The literary output of the first Weimar period included a number of lyrics (Wanderers Nachtlied, An den Mond, and Gesang der Geister über den Wassern), ballads (Der Erlkönig), a short drama (Die Geschwister), a dramatic satire (Der Triumph der Empfindsamkeit), and several Singspiele (Lila; Die Fischerin; Scherz; List und Rache; and Jery und Bätely). Goethe also planned a religious epic (Die Geheimnisse) and a tragedy (Elpenor). In 1777 Goethe began to write a theatrical novel, Wilhelm Meisters theatralische Sendung. In 1779 the prose version of his drama Iphigenie auf Tauris was performed.
Under Frau von Stein's influence Goethe matured as an artist as well as a personality. His course toward artistic and human harmony and renunciation was mirrored in several poems written during this period: Harzreise im Winter (1777); Ein Gleiches (1780), Ilmenau (1783), and Zueignung (1784).
In September 1786 Goethe set out from Karlsbad on his memorable and intensely longed-for journey to Italy. He traveled by way of Munich, the Brenner Pass, and Lago di Garda to Verona and Venice. He arrived in Rome on Oct. 29, 1786, and soon established friendships in the circle of German artists. In the spring of 1787 Goethe traveled to Naples and Sicily, returning to Rome in June 1787. He departed for Weimar on April 2, 1788.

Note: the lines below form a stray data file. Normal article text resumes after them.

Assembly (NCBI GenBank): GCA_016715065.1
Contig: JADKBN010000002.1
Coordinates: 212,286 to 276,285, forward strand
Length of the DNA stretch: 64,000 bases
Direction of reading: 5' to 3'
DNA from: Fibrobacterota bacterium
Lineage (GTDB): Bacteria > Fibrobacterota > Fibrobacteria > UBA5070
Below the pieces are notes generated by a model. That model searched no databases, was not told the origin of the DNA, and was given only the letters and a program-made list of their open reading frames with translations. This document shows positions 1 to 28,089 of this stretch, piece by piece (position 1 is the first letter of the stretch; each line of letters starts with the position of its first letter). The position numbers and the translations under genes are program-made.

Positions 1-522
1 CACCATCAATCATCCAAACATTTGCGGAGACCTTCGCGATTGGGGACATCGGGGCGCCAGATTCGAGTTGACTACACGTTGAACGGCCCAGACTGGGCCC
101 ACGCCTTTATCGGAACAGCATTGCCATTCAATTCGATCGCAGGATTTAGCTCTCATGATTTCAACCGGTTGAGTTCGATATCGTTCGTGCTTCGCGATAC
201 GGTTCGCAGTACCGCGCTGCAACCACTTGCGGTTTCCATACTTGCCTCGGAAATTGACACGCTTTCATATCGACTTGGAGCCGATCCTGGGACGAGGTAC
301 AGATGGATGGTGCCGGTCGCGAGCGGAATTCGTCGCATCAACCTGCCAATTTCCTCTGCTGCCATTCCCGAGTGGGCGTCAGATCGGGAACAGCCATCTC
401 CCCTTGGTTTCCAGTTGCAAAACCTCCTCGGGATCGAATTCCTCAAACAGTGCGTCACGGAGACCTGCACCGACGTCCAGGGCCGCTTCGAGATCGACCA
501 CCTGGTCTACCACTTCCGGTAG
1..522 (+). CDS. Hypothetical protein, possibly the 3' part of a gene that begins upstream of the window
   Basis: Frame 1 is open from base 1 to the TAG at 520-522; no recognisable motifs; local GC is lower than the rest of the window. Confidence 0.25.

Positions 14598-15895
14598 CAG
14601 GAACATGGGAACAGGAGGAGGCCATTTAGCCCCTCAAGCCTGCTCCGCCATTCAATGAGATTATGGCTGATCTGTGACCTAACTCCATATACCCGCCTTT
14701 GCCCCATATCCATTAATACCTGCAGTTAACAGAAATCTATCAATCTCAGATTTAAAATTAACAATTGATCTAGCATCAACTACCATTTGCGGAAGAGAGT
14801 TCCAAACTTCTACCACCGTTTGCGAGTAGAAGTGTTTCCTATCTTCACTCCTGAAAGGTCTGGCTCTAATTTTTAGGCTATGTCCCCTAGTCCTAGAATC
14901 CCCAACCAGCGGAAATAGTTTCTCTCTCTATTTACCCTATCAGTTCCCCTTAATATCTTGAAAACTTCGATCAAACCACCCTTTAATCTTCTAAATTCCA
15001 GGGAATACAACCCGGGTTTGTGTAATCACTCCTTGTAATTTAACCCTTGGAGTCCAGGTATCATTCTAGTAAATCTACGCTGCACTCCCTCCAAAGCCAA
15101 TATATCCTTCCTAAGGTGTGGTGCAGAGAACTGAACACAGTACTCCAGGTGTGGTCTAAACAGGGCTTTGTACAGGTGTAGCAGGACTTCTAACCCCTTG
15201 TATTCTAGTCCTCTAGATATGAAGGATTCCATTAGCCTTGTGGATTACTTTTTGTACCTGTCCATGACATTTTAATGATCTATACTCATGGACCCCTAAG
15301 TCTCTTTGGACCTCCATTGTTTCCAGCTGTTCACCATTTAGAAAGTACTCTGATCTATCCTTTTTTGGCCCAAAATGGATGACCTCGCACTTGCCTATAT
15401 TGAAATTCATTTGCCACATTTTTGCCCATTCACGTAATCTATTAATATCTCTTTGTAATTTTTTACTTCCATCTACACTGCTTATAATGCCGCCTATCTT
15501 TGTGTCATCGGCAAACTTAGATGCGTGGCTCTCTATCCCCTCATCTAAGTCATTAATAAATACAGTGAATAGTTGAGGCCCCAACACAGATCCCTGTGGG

It would be almost impossible to overstate the importance of Goethe's Italian journey. Goethe regarded it as the high point of his life, feeling it had helped him attain a deep understanding of his poetic genius and his mission as a poet. No longer in sympathy with Sturm und Drang even before his departure from Weimar, Goethe was initiated into neoclassicism by his vision of the antique in Italy. Goethe returned to Weimar not only with a new artistic vision but also with a freer attitude toward life. He recorded this journey in his Italienische Reise at the time of his trip, but he did not publish this volume until 1816-1817.
Goethe returned from Italy unsettled and restless. Shortly afterward, his ties with Frau von Stein having been weakened by his extended stay in Italy and by lighter pleasures he had known there, Goethe took the daughter of a town official into his house as his mistress. Christiane Vulpius, although she could offer no intellectual companionship, provided the comforts of a home. Gradually, she became indispensable as a helpmate, although she was ignored by Goethe's friends and unwelcome at court. Their son August was born in 1789, and Goethe married her in 1806, when the French invasion of Weimar endangered her position.